Deep ocean creatures, adaptations & sounds; 5 August 2008 • Article for prep http://www.nytimes.com/2008/04/08/science/08fish.html?ex=1208318400&en=c81b1195b68e2f90&ei=5070&emc=eta1
SOUNDS IN THE OCEAN Article: http://www.nytimes.com/2008/04/08/science/08fish.html?ex=1208318400&en=c81b1195b68e2f90&ei=5070&emc=eta1 Sounds: http://www.nytimes.com/interactive/2008/04/07/science/20080408_FISH_FEATURE.html#
http://www.listenforwhales.org/NetCommunity/Page.aspx?pid=467&srcid=430http://www.listenforwhales.org/NetCommunity/Page.aspx?pid=467&srcid=430 • A new buoy system off the Massachusetts coast helps scientists track right whales and warn ships of their presence. http://link.brightcove.com/services/link/bcpid1185143625/bctid1488623605
Your deep ocean creaturesfrom the HW#2: • Anglerfish • Rattail (Grenadier fish) • Dumbo octopus • Tubewarm • Kraken (the giant squid) • Kiwa – Yeti crab • Sea pig • Vampire squid • Blob fish • Deep sea coral • Gulper eel • Depressed Yeti crab • Amphipod • Viper fish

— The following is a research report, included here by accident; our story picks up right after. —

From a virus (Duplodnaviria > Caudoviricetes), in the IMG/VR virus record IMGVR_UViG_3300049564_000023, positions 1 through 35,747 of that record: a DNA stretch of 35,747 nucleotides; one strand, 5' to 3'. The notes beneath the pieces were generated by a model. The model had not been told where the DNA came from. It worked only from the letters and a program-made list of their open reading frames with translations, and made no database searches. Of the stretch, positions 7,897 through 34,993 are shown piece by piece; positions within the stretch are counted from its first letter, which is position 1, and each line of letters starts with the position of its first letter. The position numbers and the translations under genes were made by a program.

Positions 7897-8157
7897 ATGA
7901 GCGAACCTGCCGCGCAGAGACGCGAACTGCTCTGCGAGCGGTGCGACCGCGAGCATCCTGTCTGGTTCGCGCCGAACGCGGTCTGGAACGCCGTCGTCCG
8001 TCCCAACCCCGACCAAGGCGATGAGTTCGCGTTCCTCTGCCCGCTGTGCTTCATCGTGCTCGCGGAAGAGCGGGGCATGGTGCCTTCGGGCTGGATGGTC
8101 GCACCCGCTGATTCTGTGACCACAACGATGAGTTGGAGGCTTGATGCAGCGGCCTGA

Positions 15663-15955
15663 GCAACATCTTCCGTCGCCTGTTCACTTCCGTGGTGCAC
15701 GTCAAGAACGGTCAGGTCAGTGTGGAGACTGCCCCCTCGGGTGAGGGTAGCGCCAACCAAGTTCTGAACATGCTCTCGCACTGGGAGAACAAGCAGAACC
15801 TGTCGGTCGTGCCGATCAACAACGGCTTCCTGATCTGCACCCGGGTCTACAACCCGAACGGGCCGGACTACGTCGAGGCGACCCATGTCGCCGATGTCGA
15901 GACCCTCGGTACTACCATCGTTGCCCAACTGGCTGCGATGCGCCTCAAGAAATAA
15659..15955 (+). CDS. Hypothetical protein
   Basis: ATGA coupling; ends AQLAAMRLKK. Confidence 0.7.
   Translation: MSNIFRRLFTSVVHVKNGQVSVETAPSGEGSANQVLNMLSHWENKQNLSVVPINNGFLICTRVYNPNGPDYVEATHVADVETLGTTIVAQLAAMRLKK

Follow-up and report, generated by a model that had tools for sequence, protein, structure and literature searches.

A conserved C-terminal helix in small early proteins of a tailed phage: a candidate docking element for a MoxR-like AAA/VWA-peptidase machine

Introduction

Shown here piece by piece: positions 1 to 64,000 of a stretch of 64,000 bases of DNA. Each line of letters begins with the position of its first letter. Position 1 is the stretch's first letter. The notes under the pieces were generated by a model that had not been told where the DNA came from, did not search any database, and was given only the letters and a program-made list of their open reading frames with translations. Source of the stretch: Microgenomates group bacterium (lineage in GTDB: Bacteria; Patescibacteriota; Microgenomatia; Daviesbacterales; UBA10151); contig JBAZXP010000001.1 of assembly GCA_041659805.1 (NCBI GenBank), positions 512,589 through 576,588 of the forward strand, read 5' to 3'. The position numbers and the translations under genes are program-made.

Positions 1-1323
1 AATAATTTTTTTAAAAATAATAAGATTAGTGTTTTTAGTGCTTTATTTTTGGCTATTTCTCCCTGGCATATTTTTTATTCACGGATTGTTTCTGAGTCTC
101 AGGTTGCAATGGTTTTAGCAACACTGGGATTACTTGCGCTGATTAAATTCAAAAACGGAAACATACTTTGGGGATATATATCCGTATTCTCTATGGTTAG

Deep ocean adaptations • The clam Calyptogena magnifica, which lives on deep-sea vents, depends on a bacterium to supply it with nutrients; the bacterium is transmitted through the clam’s eggs. The same goes for our mitochondria — the remnants of bacteria that live in our cells and provide us with energy. http://judson.blogs.nytimes.com/2008/04/08/a-mutual-affair/index.html http://www.nytimes.com/2007/05/22/science/22deep.html?_r=1&ref=science&oref=slogin
The speed of sound in water increases with increasing water temperature, increasing salinity and increasing pressure (depth). The approximate change in the speed of sound with a change in each property is: • Temperature 1°C = 4.0 m/sSalinity 1PSU = 1.4 m/sDepth (pressure) 1km = 17 m/s • Ocean ~1500 m/s (air ~ 344m/s)
Bloop • http://oceanexplorer.noaa.gov/explorations/sound01/background/seasounds/media/bloop.html Hydrophones: • http://www.pmel.noaa.gov/vents/acoustics/haru_system.html
Sensing oceans from space • http://www.marine.csiro.au/LeafletsFolder/48sensing/48.html • TOPEX/POSEIDON, identified three El Nino events in 1992-93 and 1994-95, and in 1997-98 during sea level observations of the Pacific Ocean.